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Four High School Students Mentored at Stony Brook Among 40 Intel STS Finalists to Compete for More than $1.6 Million in Scholarship Awards

Four High School Students Mentored at Stony Brook Among 40 Intel STS Finalists to Compete for More than $1.6 Million in Scholarship Awards

STONY BROOK, N.Y., January 21, 2015 – Four high school students who conducted their summer research projects at Stony Brook University and who were mentored in the labs of distinguished faculty at Stony Brook, were named among 40 finalists in the prestigious 2015 Intel Science Talent Search. Finalists were selected from a group of 300 semifinalists after Intel received more than 1,800 original entries, the highest number since 1998.

Following are the high school students who participated in research programs including the Simons Summer Research Program in Stony Brook labs last summer:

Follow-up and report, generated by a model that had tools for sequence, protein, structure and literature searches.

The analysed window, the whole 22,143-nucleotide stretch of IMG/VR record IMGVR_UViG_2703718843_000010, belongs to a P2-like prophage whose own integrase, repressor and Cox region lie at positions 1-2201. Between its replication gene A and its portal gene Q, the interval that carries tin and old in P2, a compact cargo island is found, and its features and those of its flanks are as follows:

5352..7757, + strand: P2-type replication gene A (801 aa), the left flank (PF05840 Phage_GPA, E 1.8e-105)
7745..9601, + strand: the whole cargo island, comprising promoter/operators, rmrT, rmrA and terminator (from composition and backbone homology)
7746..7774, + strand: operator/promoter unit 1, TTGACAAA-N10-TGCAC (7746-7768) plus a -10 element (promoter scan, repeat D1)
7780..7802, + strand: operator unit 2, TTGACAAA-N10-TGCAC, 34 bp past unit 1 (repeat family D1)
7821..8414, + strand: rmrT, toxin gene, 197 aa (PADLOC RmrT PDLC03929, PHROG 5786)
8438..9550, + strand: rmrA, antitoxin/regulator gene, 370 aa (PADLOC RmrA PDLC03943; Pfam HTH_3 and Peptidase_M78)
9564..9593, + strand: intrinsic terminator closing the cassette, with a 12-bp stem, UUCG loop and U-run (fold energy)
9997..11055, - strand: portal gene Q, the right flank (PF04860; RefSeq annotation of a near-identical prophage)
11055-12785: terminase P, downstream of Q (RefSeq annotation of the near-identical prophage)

Finalist: Charles Gulian, Ossining HS, Ossining, NY
Mentor: Dr. Michal Simon, Physics & Astronomy

Finalist: Ien Li, Jericho HS, Jericho, NY
Mentor: Dr. Christine DeLorenzo, Psychiatry and Biomedical Engineering

Finalist: Scott Massa, Commack HS, Commack, NY
Mentors: Dr. David Talmage, Pharmacological Sciences; Dr. Lorna Role, Neurobiology


Finalist: Saranesh Prembabu, Dougherty Valley HS, CA
Mentor: Dr. Matthew Dawber, Physics & Astronomy

“It is always very rewarding to see high school students develop as accomplished researchers at such a young age through the tutelage of distinguished faculty researchers at Stony Brook,” said Stony Brook University President Samuel L. Stanley Jr., M.D. “Doing well in high school science competitions is certainly an accomplishment for these students; the greatest achievement for Stony Brook mentors is molding young scholars, fostering their independence and inquisitiveness and watching them flourish as they pursue research at a leading research university like Stony Brook.”